The collapse of Muskie’s momentum early in the 1972 campaign is also attributed to his response to campaign attacks. Prior to the New Hampshire primary, the so-called “Canuck letter” was published in the . The letter claimed that Muskie had made disparaging remarks about French-Canadians – a remark likely to injure Muskie’s support among the French-American population in northern New England.
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The next day, Muskie mounted a flat-bed truck in front of the newspaper’s office. He started by refuting the Canuck letter, reserving his greatest ire for the attack on Jane.
One of Nixon's dirty tricks, as played on Democrats
1972 was truly a low point in American democracy. This was the year of the "Canuck Letter," a letter supposedly written by an aide to presidential hopeful Edmund Muskie, in which the aide claimed Muskie condoned the use of the perjorative term "Canuck" regarding the many French-Americans living in New Hampshire. This letter was published by right-winger William Loeb before the New Hampshire primary. The following day, the same publication displayed a scathing personal attack on Muskie’s wife. On the next day, when Muskie abandoned his prepared speech and uncharacteristically took off after Loeb for these pieces, Muskie inexplicably lost his famous composure and broke down into tears. According to Bob Woodward, his famous source "Deep Throat" told him the Canuck Letter came right out of the White House. According to another source, Ken Clawson, the man who originally provided Bremer’s identity to the Post’s editors when no one was talking, admitted to having written the Canuck letter. Clawson was then employed by the White House. But even more intriguing is what Miles Copeland, longtime CIA heavyweight, had to say about Muskie’s subsequent breakdown and Hunt’s possible role therein:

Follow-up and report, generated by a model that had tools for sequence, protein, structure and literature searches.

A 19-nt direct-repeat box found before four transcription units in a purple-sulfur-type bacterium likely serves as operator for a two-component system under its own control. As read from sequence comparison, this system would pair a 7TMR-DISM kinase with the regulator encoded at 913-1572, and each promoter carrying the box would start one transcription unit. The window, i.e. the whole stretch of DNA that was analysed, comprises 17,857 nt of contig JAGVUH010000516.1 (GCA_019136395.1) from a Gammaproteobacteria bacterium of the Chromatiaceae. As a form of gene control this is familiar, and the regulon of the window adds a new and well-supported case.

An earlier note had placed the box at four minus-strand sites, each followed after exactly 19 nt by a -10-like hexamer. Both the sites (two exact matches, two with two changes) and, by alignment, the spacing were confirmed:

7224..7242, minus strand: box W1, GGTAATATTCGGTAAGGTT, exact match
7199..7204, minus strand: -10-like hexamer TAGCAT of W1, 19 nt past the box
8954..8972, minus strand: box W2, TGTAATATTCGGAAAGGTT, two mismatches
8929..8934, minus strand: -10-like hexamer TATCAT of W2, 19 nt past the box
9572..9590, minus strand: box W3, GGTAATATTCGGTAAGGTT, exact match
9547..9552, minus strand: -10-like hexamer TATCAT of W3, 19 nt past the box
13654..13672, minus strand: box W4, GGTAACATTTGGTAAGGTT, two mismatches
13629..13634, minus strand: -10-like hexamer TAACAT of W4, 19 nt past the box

Edmund Muskie - Wikipedia, the free encyclopedia
The Canuck letter was a forged letter to the editor of the , published February 24, 1972, two weeks before the of the . It implied that , a candidate for the 's presidential nomination, held prejudice against . The letter's immediate effect was to compel the candidate to give a speech in front of the newspaper's offices, known simply as "the crying speech." The letter's indirect effect was the implosion of Muskie's candidacy. staff writer reported that Nixon White House staffer had bragged to her about authoring the letter. Clawson denied Berger's account. In October 1972, FBI investigators asserted that the Canuck Letter was part of the campaign against Democrats orchestrated by the (CRP). Loeb, the publisher of the , maintained that the letter was not a fabrication. Loeb later admitted of some doubt, however, after receiving another letter claiming that someone had been paid $1,000 to write the Canuck Letter. The purported author, Paul Morrison of , was never found.